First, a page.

Cookies Policy

This site uses cookies. By continuing to browse the site you are agreeing to our use of cookies.

I accept this policy

Find out more here

Primary Photochemical Processes of Excited Phenols in Ethanol†

No metrics data to plot.
The attempt to load metrics for this article has failed.
The attempt to plot a graph for these metrics has failed.
The full text of this article is not currently available.

Brill’s MyBook program is exclusively available on BrillOnline Books and Journals. Students and scholars affiliated with an institution that has purchased a Brill E-Book on the BrillOnline platform automatically have access to the MyBook option for the title(s) acquired by the Library. Brill MyBook is a print-on-demand paperback copy which is sold at a favorably uniform low price.

This Article is currently unavailable for purchase.
Add to Favorites
You must be logged in to use this functionality

Cover image Placeholder

The primary photochemical processes of phenols in ethanol solution are studied by nanosecond laser flash photolysis. Transient signals in photolysis at 266 nm are recognized as belonging to solvated electrons, phenoxyl radicals, and the triplet state of the phenol. The onset of the T-T absorption spectrum of phenol is around 450nm. In addition to the absorption around 400 nm, phenoxyl radicals were found to exhibit a broad, weak absorption band in the red region where the extinction coefficient is determined to be 300 ±150 M-1 cm-1 at 580 nm. A delayed fluorescence of phenol, assigned to T-T annihilation, is observed in the region 310-360 nm. Laser dose dependent decay kinetics of solvated electrons is explained by their reaction with the triplet state of the phenol. Simple model calculations show that the rate constant of this latter reaction is approximately 102 times larger than that for reaction with the corresponding ground-state phenol.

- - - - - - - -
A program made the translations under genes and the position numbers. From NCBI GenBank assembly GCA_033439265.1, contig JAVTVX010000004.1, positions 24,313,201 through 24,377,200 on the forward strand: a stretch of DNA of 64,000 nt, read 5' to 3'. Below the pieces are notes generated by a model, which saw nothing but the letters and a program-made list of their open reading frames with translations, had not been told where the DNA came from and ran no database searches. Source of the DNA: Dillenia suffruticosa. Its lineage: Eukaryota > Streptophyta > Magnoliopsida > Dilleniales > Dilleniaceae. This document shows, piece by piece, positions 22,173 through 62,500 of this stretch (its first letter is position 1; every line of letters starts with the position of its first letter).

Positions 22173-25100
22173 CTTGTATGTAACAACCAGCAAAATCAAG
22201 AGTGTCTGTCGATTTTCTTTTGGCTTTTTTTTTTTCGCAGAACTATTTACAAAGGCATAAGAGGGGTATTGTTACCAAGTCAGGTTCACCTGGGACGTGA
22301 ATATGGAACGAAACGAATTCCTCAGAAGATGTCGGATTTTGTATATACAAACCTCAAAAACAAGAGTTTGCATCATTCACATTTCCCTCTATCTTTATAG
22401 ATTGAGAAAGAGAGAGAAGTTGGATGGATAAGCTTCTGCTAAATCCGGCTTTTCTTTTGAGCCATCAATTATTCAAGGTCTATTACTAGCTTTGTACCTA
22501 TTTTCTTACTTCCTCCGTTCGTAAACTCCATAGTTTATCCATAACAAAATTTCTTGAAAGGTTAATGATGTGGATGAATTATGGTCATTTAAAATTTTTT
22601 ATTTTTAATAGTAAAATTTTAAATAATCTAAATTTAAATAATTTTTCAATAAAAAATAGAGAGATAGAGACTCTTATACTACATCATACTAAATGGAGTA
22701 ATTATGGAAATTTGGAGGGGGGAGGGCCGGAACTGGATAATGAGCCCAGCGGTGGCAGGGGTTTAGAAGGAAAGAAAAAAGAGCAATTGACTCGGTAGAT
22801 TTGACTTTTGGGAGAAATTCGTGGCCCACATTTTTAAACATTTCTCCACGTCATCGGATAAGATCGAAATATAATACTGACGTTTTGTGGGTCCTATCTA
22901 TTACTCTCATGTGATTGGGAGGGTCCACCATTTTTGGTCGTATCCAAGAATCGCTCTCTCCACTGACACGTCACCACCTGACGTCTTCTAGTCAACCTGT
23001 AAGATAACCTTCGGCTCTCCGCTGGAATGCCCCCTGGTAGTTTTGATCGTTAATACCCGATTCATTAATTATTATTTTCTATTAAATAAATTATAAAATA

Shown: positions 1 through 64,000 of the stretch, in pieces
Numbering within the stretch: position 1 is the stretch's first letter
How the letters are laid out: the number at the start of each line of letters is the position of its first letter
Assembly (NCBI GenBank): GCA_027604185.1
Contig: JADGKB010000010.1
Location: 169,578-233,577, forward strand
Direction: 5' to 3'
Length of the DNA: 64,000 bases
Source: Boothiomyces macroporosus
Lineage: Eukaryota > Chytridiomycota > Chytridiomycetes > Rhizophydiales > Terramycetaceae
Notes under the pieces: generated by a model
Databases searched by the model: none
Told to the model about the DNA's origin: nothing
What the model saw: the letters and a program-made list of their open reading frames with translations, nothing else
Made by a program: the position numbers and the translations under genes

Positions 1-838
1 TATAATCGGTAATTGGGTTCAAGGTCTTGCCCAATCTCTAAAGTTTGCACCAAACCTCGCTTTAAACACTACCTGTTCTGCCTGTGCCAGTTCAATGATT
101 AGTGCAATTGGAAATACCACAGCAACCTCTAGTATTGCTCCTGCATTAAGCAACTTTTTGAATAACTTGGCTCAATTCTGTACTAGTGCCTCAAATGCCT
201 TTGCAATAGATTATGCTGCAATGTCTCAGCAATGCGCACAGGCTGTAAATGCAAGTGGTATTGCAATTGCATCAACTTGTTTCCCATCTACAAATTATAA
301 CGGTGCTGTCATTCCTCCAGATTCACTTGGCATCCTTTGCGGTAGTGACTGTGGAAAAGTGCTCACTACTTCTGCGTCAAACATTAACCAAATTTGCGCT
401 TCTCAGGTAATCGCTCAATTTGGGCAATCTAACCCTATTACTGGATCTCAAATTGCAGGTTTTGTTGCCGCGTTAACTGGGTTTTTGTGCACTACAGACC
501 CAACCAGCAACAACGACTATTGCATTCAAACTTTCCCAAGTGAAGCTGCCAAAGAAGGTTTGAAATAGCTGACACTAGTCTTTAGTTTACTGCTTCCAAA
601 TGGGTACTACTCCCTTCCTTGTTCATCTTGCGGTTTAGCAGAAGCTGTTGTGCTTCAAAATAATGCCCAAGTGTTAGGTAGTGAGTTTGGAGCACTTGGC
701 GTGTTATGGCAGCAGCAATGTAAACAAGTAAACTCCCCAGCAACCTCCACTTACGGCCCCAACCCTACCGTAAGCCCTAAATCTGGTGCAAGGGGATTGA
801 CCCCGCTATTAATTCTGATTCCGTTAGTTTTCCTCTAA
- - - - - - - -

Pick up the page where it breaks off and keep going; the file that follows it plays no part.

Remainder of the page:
Affiliations: 1: Research Center for Advanced Science and Technology, the University of Tokyo, 4-6-1 Komaba, Meguro, Tokyo, JAPAN; 2: Radiation Laboratory and Department of Chemistry and Biochemistry, University of Notre Dame, Notre Dame, IN 46556-0579, USA


Full text loading...


Data & Media loading...

Article metrics loading...



Can't access your account?
  • Key

  • Full access
  • Open Access
  • Partial/No accessInformation